People get injured in the strangest places. I personally can attest to having a finger sprain in a Saskatoon berry patch, a collapsed lung in a school, and the list goes on. Nothing compares to the absurdity of having to explain to your employer why you lost consciousness while attending a paid first-aid training course.
A few years ago, I was employed at a Daycare centre, a job that required I supervise ten to fifteen children at a time…as much as one can “supervise fifteen individuals hell-bent on self-harm. To do this legally however, I was required to obtain first-aid certification and my employer was kind enough to pay for the training in an evening course following a full 8+ hour shift (because eight hour workdays are for suckers).
Funny enough, this was not the first time I had went for first-aid training, but this would be the first time that I was required to complete it for the sake of employment and I was determined to get the program over with. Previously, when I was much younger I took the training program as part of High school health class, but had to excuse myself when I became light headed after the teacher described reducing the blood loss of a woman impaled on a steering wheel by ramming loaves of bread into her open chest cavity. This time things would be different however; my job depended on it.
So determined to complete the first-aid training this time around that eight hours into my workday, I stopped off at a Tim Hortons (back when I still enjoyed their beverages) to grab a coffee, which for me serves to both enhance focus and calm my nerves. As I approached the counter however, I was struck with a crucial question, should I purchase food? I was certainly hungry, having skipped dinner to make it to training session and with low blood sugar, risked becoming high as a kite during upcoming five hour training session. On the other hand, besides being cheap in general, I was in the midst of paying my own way through university on a part-time Child-Care Assistant’s pay grade and looking to cut financial corners wherever I could. Add to that the personality quirk that once I get a challenge in my mind, I become obsessed with completing it simply because the task is difficult (i.e. striving to complete hard things simply because they are hard) and I had made up my mind not to buy food.
Entering the training session with an empty stomach and a 1:1 blood to caffeine content ratio, the situation was not looking great. Surprisingly however, the first 4 hours of the session went quite well, the daycare’s owner and a fellow co-worker were both there and their and with the distraction of their company, I was on track to complete the training unscathed. Then the live demonstration began.
Four hours into the session, the instructor ordered us to stand up and crowd around a practice dummy to practice what we had learned. As I stood up after a prolonged period of sitting, the blood rushed like a waterfall to the soles of my feet. I wobbled slightly, but held my composure and slowly trailed the rest of the class over the test dummy, one foot in front of the other. As we stood there, the instructor asked us to picture a large pool of blood and to use our imagination in terms of the injury that may have occurred. Instantly, my mind jumped to the image of a woman impaled on a steering wheel, a French baguette splintering out of the whole shared by the wheel. A clear voice suddenly overrode every other thought in mind. It was my voice and it spoke soothing commandments: “you are not going to pass out Trevor. The instructor just said the words pool of blood and imagination; that isn’t enough to knock you out, you’re a twenty-one year old man. You are with your colleagues and you are going to be just fine…” Then everything went black.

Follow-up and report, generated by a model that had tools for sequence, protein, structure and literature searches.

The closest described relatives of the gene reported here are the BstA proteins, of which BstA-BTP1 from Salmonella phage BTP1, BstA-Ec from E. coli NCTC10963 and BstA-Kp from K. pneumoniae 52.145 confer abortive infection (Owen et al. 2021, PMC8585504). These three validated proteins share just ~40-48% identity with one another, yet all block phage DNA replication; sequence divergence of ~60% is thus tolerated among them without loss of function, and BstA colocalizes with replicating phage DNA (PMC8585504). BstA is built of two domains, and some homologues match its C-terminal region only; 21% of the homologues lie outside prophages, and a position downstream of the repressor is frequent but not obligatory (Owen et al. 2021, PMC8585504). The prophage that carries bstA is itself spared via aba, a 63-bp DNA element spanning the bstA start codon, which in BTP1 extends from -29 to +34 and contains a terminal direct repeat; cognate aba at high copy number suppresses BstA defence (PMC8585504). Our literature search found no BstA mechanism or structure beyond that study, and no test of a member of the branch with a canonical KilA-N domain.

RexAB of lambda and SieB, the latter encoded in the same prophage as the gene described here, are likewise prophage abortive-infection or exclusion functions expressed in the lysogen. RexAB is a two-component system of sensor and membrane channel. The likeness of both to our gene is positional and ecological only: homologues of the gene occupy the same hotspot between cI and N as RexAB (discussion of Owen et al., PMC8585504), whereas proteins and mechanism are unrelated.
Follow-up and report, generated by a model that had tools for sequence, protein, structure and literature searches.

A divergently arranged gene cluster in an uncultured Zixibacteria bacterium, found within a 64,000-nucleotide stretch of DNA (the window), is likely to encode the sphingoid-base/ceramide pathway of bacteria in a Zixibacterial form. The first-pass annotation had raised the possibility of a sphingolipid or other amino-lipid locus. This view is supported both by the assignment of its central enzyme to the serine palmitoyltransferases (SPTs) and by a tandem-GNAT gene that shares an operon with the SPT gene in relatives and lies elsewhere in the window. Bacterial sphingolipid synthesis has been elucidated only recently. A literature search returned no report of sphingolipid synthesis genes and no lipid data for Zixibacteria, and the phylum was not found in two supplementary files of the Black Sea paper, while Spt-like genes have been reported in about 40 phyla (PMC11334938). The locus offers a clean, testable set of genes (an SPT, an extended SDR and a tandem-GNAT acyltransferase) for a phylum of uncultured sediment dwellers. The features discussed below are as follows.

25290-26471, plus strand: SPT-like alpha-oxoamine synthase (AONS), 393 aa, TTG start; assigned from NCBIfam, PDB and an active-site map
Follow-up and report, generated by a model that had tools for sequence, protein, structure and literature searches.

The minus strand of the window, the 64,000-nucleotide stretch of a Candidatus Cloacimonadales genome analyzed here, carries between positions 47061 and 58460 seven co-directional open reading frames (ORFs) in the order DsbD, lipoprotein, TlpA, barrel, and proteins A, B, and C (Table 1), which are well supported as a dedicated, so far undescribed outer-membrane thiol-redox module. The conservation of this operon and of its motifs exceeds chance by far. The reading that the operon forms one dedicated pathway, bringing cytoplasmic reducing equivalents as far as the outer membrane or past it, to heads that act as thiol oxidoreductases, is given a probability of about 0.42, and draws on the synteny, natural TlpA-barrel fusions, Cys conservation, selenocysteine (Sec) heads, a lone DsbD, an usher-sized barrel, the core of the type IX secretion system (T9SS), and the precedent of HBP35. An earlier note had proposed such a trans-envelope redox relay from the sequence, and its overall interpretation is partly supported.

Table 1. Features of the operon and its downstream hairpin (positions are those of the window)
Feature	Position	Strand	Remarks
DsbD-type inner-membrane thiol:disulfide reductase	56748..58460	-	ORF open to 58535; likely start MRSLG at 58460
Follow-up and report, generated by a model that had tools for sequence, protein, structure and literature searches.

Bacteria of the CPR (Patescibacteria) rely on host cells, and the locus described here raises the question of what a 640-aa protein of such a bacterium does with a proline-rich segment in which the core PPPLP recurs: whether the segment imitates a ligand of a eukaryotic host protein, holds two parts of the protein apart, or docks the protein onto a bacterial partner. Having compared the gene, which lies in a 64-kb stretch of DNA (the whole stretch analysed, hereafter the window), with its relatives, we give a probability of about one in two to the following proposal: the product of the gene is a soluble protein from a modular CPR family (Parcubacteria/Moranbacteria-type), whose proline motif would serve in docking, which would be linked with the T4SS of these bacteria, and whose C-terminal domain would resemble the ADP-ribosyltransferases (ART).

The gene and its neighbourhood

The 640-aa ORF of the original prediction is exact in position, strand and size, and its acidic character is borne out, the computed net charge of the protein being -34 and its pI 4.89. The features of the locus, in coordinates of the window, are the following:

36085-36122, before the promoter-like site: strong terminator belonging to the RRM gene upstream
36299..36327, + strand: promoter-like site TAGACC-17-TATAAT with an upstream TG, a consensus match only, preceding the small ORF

I awoke to the instructor performing the same resuscitation technique on me that we were to perform on the dummy. I would have appreciated the live demonstration if it weren’t for the fact that my head hurt something fierce. I later learned when I collapsed, I had the good misfortune of buffering the fall by cracking my head first on the side of a table and the side of a chair before taking one more for the team by entering a head-butting contest with the tile floor.
I immediately turn my bewildered employer standing over me and requested half-jokingly that I expected danger pay for the First-aid training session. She gave me a good-natured go-to-hell laugh and trumped it up to semi-conscious ramblings. Thankfully, I didn’t break anything beyond my ego and was able to walk; albeit awkwardly away from the incident and got a ride home from my employer, who disagreed with my intention to drive (again stemming from my logic that hard things should be done because they are hard) as adamantly as my request for danger pay.
Sometimes, we get caught up in the pursuit of challenges and bolstered by past successes that we forget the real possibility that we can fall down. In my case, this fall came both figuratively and literally. These falls and failures should not stop us from pursuing challenges, from striving to make the hardest things look easy, but should make us thankful for all the people out there that will help resuscitate us, help us up, and keep us aiming to overcome all of life challenges.